Wednesday, April 29, 2009

Coming to Pasadena

Having grown up in East L.A. during the 50s and 60s I was used to seeing images of Mexico.  I came to learn more about these images as the 60s ended and the 70s began.  The histories of mariachis, murals and demonstrations were a part of what I was learning as I began my life as a wife and mother.  

A long decade later I moved to Pasadena and, because of where I was living and what I was doing, I was not aware that Latinos had ever been a part of Pasadena.  There were mariachis, but they played at restaurants, so that made them different from mariachis at a celebration or a home party.  The only mural I saw was "'My people are the people of the dessert,' said T.E. Lawrence, picking up his fork".   This was found on the side of the Carver Hotel.  It is attributed to Paul Waszink.  Very different from the Moctezuma, Popocatepetl, and Adelita images I saw in school or while riding the bus.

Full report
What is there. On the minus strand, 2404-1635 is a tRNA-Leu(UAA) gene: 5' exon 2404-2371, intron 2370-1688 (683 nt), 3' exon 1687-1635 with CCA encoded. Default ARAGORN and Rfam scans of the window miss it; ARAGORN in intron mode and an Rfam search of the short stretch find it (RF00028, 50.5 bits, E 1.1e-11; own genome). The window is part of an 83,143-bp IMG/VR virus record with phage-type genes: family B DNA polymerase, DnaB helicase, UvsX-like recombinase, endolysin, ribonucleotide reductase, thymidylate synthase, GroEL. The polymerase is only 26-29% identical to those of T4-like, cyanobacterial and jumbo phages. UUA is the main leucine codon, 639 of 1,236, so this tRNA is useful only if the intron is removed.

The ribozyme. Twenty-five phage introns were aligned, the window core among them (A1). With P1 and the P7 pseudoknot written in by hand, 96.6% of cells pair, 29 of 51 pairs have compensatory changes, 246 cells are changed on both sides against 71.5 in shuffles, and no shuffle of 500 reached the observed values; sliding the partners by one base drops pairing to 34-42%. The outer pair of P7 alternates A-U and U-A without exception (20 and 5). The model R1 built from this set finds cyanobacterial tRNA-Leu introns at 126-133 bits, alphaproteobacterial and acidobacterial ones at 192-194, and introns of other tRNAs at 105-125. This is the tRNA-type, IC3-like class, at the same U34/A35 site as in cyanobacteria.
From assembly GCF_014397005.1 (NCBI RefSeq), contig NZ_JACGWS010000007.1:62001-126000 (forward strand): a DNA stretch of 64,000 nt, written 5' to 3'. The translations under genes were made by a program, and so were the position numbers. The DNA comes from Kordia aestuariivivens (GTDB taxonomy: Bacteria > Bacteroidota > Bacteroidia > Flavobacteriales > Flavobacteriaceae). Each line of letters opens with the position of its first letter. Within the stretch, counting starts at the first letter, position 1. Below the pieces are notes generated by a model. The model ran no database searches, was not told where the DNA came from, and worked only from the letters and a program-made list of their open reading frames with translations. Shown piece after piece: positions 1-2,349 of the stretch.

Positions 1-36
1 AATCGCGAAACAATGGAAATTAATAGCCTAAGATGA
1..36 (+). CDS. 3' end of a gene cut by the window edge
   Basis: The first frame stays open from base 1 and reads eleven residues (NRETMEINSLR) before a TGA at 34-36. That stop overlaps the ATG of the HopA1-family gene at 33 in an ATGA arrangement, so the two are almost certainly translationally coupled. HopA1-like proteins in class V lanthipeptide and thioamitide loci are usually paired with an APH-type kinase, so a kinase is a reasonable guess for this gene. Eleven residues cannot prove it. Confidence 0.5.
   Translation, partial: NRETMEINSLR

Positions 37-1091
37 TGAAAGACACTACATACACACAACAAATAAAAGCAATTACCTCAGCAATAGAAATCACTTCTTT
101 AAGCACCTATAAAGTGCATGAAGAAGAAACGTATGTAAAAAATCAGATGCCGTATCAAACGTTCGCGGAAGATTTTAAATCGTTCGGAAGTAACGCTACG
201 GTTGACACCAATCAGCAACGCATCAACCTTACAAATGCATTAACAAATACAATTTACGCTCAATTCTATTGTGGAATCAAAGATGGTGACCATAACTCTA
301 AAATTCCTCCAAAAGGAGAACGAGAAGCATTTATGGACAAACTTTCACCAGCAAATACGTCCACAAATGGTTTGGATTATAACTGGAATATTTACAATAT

And at the time there were parades in town, but no demonstrations that I knew about.  There was the Rose Parade, the Black History Parade, the Doo Dah Parade, and the Irish Parade.  It was at about this same time that I had come learn that were Latinos in town.


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